What does it tell us about the meaning of life when we can now say that for the first time in the known history of biology, we are witnessing the evolution of human beings with a concern not only for the suffering and dying of their own kind, but also for the suffering and dying of all living things? – Paul MacLean
George E. P. Box famously said, “Remember that all models are wrong; the practical question is how wrong do they have to be to not be useful.”1
In this post I will argue that criticisms of Paul MacLean’s triune brain model by some neuroscientists miss the point of its revolutionary insights and their usefulness in helping us think about consciousness. The criticisms also underappreciate the value of MacLean’s innovative neurological research. (Appropriately, “MacLean” rhymes with “brain.”)
Paul MacLean as a Neuroscientist2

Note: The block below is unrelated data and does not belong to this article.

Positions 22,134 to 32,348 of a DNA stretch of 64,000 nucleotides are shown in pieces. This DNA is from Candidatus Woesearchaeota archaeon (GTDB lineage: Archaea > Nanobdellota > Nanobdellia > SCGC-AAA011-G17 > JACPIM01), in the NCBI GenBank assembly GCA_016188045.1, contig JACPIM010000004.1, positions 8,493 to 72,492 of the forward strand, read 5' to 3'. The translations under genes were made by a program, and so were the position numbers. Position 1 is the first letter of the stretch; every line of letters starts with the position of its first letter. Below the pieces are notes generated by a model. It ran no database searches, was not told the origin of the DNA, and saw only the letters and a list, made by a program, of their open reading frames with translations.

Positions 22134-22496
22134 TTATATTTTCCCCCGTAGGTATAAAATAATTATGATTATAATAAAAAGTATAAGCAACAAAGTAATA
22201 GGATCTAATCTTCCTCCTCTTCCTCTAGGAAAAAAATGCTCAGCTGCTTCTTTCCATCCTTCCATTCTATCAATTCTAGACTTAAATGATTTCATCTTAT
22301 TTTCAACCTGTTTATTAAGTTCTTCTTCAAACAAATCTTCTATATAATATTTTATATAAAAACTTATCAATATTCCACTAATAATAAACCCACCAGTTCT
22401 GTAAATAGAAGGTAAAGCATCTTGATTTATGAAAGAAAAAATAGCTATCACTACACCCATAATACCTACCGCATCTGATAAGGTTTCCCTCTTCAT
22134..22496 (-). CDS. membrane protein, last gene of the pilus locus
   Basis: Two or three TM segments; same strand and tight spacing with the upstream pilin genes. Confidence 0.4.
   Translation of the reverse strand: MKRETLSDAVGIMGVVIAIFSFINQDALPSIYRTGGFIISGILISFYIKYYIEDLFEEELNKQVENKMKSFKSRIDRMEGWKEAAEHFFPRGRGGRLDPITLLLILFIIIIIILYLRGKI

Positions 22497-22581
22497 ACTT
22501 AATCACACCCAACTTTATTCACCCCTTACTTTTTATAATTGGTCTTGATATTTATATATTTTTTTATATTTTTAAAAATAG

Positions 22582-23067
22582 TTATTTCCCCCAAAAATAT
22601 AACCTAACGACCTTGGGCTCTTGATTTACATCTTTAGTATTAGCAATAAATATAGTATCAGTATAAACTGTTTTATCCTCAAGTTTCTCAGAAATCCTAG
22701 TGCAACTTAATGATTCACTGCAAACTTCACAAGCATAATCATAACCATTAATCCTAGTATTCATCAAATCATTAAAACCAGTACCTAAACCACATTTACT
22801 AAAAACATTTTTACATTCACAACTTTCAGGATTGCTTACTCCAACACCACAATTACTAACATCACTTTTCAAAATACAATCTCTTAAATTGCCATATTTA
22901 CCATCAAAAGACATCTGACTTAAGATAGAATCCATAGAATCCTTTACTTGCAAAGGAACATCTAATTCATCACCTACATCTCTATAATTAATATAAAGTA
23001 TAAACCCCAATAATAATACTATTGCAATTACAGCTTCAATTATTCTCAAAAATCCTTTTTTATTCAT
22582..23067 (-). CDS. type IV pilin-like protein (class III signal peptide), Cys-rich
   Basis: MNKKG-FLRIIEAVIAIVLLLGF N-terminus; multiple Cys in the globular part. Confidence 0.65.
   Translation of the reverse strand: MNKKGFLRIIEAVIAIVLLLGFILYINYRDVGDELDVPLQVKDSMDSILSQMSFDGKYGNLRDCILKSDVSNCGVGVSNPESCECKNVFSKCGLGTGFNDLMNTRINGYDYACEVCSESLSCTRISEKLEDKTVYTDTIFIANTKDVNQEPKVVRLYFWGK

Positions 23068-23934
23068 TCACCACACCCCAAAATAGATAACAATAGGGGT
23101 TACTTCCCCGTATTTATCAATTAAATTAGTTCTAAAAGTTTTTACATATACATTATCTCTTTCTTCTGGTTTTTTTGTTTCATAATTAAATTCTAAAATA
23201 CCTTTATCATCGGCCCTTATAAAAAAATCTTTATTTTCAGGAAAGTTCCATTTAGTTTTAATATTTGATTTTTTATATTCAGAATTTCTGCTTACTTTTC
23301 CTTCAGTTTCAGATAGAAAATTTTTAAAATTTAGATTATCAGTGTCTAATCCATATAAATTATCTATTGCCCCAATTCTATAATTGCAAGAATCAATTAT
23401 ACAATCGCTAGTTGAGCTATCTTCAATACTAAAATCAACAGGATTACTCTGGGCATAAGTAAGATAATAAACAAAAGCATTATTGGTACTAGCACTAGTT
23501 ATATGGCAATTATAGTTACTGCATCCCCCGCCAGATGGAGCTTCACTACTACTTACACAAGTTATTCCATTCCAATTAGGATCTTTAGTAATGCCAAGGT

Many years ago I spoke on the telephone with a colleague of MacLean’s at the National Institute of Mental Health (NIMH). I told her I was a fan of his, meaning the triune brain model. She said, yes, he was very good, especially his early work. And in fact MacLean’s early work in psychosomatic disease has received significant recognition. The American Psychosomatic Society gives out an annual award in his name for outstanding neuroscience research in psychosomatic medicine. The APS notes, “Paul MacLean was a physician whose visionary neuroscientific research career at Yale Medical School and NIMH was inspired by his recognition of the importance of emotion in clinical medicine and everyday life. In 1949 he hypothesized that psychosomatic disorders arose from impairment in communication between the limbic system and neocortex. This award is intended to honor Dr. MacLean and promote the line of research that he created on emotion, the brain and physical disease.”